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Authors: The Plot Against Earth

Calvin M. Knox (10 page)

explanation flew over the heads of the women. They merely looked dazed.

said, "Very well, young man.
Suppose, as you seem to be
the only spaceman among us, you find out just where we

The Morilaru rose and made his way through
the crowded single cabin to the control section up front. Catton, sitting in
the farthest corner of the cabin, scowled darkly at the floor. Lifeships were
all well and good, but this business of traveling in nullspace did have its
drawbacks. He had heard of lifeship survivors beached on the far shores of the
universe, returning to civilization only in extreme old age.

Suddenly the problems of Skorg, Morilar, and
Arenadd seemed very unimportant to him. If they emerged from the warp continuum
far enough away, he would be stranded long enough so that the current crisis
became so much galactic ancient history.

cabin was silent while the Morilaru made his computations; the only sound was
the steady rasping breathing of the Arenaddin. The bulky creature did not enjoy
the artificially sustained gravity of the lifeship, which was set for
Skorg-norm, or about 1.7 times the pull on Arenadd. Carton was mildly
discomforted by the gravity—it was also 1.4 Earthnorm, too. The difference
added some seventy pounds to his weight, better than two hundred to the
Are-naddin's; small wonder the alien was uncomfortable.

At length the Skorg crewman returned from the
computer, wearing an unreadable expression—Skorg facial expressions seemed
morose at their most cheerful, and grew darker from there.

"Well?" Royce demanded.
"What's the bad news?" "It isn't as bad as it might have
been," Sadhig said. "But it isn't very good, either."
"Where are we?" asked Catton.

five hundred light-years from Morilar," said the crewman.

"Is that within the range of this
ship?" Royce asked.

"Unfortunately, no.
We have a limited range—about a hundred light-years in radius. And,
also unfortunately, there seems to be only one planet within our immediate

"What's its name?" asked one of the
Morilaru women.

Skorg gestured unhappily. "It has none. It's listed on the charts as DX
19083. It's a small jungle world, claimed by Morilar but never settled. The
chart says there's a rescue

erected there, so we can call for help once we land." "Doesn't this
ship have a radio?"

the Skorg said.
"An ordinary radio.
It doesn't
have a generator big enough to power a nullspace communicator. So we could
send out a message, but it would take five hundred years for it to reach
Morilar. We don't have quite that much time, I'm afraid."

we'll have to make a landing on this jungle planet," Catton said.
"And use the rescue beacon communicator to get ourselves picked up."

"What if the rescue
beacon is out of order?" asked Royce.

small chance of that," said the Skorg crewman. "The beacons are built
to last, and they are service-checked every ten years. The greater danger is
that we will not be able to
beacon, once we land. But we must risk it. I will begin immediately to compute
a course taking us to DX 19083, unless there are objections."

were none. Sadhig returned to the control cabin and busied himself with the
relatively simple job of targeting the lifeship toward the uninhabited world.

prowled uneasily around the cabin. It was crowded enough, even with less than
capacity aboard. He opened a cabinet and found a considerable food supply and
an elaborate medical kit. A second cabinet yielded tools—blasters,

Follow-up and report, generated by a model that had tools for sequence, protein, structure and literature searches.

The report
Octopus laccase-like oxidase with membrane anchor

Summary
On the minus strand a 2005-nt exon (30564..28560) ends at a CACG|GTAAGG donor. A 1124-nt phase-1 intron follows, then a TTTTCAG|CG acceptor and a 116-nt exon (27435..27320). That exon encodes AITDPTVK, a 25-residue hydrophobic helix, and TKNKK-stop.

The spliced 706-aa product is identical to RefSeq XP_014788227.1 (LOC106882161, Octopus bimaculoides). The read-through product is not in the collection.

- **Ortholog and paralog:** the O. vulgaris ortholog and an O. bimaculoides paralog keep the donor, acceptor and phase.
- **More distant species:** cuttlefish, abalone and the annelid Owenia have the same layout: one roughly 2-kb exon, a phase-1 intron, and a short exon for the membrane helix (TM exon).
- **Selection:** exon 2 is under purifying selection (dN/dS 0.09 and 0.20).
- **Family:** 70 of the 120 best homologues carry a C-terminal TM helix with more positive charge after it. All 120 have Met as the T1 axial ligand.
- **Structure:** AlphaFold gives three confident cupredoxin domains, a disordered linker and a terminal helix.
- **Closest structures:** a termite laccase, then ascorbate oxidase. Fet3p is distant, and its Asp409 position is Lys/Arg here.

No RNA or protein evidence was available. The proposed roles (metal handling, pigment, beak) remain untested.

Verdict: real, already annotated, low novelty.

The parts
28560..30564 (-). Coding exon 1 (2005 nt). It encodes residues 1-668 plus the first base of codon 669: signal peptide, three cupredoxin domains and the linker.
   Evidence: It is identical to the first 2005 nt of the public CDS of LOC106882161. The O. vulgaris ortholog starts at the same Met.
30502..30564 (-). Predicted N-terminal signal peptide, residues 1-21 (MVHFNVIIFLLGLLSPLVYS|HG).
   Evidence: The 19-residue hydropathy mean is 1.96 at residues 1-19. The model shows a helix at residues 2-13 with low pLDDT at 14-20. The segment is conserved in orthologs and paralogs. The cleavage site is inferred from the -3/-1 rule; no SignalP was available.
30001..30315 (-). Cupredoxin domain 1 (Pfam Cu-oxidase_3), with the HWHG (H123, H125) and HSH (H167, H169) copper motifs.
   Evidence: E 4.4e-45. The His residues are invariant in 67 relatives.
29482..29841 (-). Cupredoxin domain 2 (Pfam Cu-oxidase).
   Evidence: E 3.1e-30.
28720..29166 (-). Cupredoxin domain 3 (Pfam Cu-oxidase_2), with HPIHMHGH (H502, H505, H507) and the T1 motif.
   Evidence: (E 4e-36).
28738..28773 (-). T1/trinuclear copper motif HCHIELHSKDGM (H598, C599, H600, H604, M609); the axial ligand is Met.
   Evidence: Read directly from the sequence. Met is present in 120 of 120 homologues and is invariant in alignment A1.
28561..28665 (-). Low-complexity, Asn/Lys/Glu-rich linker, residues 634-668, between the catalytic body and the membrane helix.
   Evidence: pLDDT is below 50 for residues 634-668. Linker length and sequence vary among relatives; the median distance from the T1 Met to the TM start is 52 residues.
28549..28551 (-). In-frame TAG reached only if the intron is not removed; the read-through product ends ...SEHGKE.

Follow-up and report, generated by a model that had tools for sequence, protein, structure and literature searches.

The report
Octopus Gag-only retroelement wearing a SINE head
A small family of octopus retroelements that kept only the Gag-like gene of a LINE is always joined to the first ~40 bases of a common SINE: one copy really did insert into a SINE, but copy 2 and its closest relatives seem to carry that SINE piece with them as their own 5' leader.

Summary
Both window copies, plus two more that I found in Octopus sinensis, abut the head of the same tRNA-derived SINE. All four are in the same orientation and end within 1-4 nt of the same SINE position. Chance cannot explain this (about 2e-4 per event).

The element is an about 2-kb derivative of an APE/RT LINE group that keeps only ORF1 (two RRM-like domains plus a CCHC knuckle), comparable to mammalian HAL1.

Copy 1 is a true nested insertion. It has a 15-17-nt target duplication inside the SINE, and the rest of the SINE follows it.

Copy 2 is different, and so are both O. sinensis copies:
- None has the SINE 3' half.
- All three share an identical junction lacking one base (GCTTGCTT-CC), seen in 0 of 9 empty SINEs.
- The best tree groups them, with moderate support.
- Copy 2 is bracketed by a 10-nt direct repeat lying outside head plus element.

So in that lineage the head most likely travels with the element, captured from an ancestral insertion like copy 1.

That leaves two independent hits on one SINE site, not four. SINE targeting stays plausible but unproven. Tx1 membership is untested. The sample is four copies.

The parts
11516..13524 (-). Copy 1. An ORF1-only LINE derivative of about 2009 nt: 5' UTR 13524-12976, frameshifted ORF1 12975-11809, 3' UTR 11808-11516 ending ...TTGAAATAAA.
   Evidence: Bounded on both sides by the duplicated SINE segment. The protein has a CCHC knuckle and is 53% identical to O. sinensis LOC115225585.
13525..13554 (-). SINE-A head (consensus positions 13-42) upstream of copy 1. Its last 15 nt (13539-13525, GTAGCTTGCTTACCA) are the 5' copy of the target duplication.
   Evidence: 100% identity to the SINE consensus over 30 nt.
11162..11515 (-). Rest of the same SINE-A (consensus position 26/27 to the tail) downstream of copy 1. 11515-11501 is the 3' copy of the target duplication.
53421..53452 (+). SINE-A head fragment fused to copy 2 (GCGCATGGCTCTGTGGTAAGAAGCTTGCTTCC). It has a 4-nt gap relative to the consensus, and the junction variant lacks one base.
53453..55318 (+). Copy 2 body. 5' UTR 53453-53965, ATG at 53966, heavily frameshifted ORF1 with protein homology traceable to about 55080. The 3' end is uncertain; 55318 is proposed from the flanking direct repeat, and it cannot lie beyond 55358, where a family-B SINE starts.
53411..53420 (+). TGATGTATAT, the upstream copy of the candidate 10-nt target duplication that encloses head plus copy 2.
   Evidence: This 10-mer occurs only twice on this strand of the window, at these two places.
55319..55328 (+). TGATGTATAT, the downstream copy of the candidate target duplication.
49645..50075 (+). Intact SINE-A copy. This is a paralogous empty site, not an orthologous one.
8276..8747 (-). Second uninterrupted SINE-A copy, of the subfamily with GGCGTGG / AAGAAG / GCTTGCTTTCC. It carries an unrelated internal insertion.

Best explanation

electrohatchets, bubbletents, a collapsible canoe no bigger than a bastketball
when folded.

were well provided for. But the delay would be a nuisance. And in case they had
any kind of survival problems, most of the' lifeship passengers would be drags
on the group. The two Morilaru women, Catton thought, would be less than
useless in any kind of situation of hardship. And the Arenaddin was obviously
not accustomed to roughing it. Catton figured that Sadhig and Royce could be
counted on to do their share of work. That left two Morilaru men— Woukidal, his
adjutant, and the other man, the one who had released the lifeship from its
parent vessel, and who had not spoken a word since.

made his way forward. Sadhig was bent over the computer, tapping out course

"Any difficulties?"
Catton asked in Skorg.

looked up.
"Of course not.
A child could operate
this lifeship. But those women had to drag me aboard—"

"Still brooding about that?"

"I shall be in disgrace when I return to
Skorg. My father will never forgive me. Do you know who my father is,

Catton shook his head.

Skorg said, "My father is Thunimon eSadhig, Earth-man.
Commander of the Skorg Navy.
How will he feel when he learns that his
eldest son escaped from a damaged ship in a lifeship?"

Sadhig's face was cold and tightly drawn.
Catton realized that within the Skorg ethic, it was undoubtedly a humiliation
for a crewman to escape alive while passengers died, no matter what the
circumstances. He pitied the Skorg.

position did you hold on the
Silver Spear?"
Catton asked.

"Flight Consultant First Class.
I was the eighth ranking officer—assistant
to the astrogator."

women sure picked the right man when they collared you, thenl"

"They seized blindly," Sadhig said
without looking up from his work. "For all they knew, they were snaring
one of the cooks. But a cook could have piloted this craft as well as I
do." Bitterly, Sadhig snapped down the course-lock and rose from the
controls. "There," he said. "It is done. We will make landing in
two days absolute time, Earthman. And then we must find the rescue beacon, or
we will die. I do not greatly care."

"If it's a disgrace to leave a ship and
let passengers remain behind," Catton said, "it must be equally
disgraceful to be cast away with passengers and not expend every effort to
ensure their survival."

Skorg nodded. "You are right. I intend to help all I can. Your lives are
important to me; mine no longer matters."

felt that the conversation was taking an uncomfortable turn. To change it he
said, "Just what happened aboard the
Silver Spear?